Panel: People listed in 'spy files' should be allowed to review reports
By The Associated Press
DENVER A panel of three former judges is recommending that people included in the Denver Police Department's "spy files" should have 60 days to see what those reports say about them, The Denver Post reported this week.
Police have confirmed that the department's intelligence bureau has more than 3,400 surveillance files, including some on protesters who were not known to have been involved in illegal activity.
The Denver Post reported July 2 that it had obtained a copy of a June 28 report listing recommendations on how to deal with the files.
Andrew Hudson, spokesman for Mayor Wellington Webb, said the recommendations listed by the newspaper were consistent with what the panel was recommending. The mayor hadn't seen the final report, including its conclusions, and would have no comment until they were reviewed, Hudson said.
The three-member panel, which included two former district judges and a former state Supreme Court justice, was to present its recommendations to Webb on July 3.
In the report, the panel says that in order to protect the privacy and associational rights of the individuals named, the stored files on individuals and groups should not be released to the general public. Individuals on the surveillance list should be allowed to see their files with other names removed.
After 60 days, the files on 3,277 individuals and 208 groups should be destroyed, the panel decided.
"The proposal to destroy the files is unacceptable," said Mark Silverstein of the American Civil Liberties Union, which has sued the city over the files. "They need to be preserved not only because there's a pending lawsuit, but because they are the documentation of a major case of police misconduct and ineptitude. The public has a right to a full accounting of what's in there."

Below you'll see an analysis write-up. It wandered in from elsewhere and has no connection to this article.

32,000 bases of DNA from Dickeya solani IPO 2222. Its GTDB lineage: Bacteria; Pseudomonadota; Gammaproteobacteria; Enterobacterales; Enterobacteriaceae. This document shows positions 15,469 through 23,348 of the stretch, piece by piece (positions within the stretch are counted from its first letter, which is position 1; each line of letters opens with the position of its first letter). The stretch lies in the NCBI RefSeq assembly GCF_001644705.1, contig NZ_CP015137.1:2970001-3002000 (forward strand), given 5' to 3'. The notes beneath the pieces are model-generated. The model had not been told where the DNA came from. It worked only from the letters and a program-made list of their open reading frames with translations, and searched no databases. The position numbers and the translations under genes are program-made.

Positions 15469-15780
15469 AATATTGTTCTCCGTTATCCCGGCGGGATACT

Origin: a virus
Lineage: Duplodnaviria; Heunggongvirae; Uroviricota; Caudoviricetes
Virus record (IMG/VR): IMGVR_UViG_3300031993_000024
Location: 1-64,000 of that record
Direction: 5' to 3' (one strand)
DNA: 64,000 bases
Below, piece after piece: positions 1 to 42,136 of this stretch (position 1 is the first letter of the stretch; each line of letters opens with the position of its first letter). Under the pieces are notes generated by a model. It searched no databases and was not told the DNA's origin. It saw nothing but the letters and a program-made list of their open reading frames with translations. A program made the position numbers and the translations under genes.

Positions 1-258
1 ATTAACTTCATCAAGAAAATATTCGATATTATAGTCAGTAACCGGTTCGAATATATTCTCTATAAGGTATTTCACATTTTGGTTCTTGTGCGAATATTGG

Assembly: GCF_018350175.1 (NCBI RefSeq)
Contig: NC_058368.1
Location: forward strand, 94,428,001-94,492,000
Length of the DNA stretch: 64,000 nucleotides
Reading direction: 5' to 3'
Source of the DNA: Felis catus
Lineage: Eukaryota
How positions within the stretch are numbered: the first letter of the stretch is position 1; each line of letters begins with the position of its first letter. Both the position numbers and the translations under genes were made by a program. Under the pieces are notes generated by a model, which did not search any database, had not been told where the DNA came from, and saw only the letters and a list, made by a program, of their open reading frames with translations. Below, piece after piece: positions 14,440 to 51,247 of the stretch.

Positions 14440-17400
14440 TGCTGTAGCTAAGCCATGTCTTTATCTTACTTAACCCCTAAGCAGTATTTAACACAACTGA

In its report, the panel wrote, "We see no reason to punish anyone in the Police Department for retaining improper information in the intelligence bureau's criminal intelligence computer data base."
No evidence was found that information was kept to inhibit freedom of speech, the panel said.
Steve Nash of Denver, a member of CopWatch who said he believes he is in individual and group files, said the panelists were appointed to cover up the extent of the files.
CopWatch members, who cruise the streets looking for examples of police abuse, are part of the ACLU suit.
According to the panel, the criminal intelligence bureau had maintained a file with 90,000 to 100,000 contacts for criminal intelligence and routine security work since 1954.
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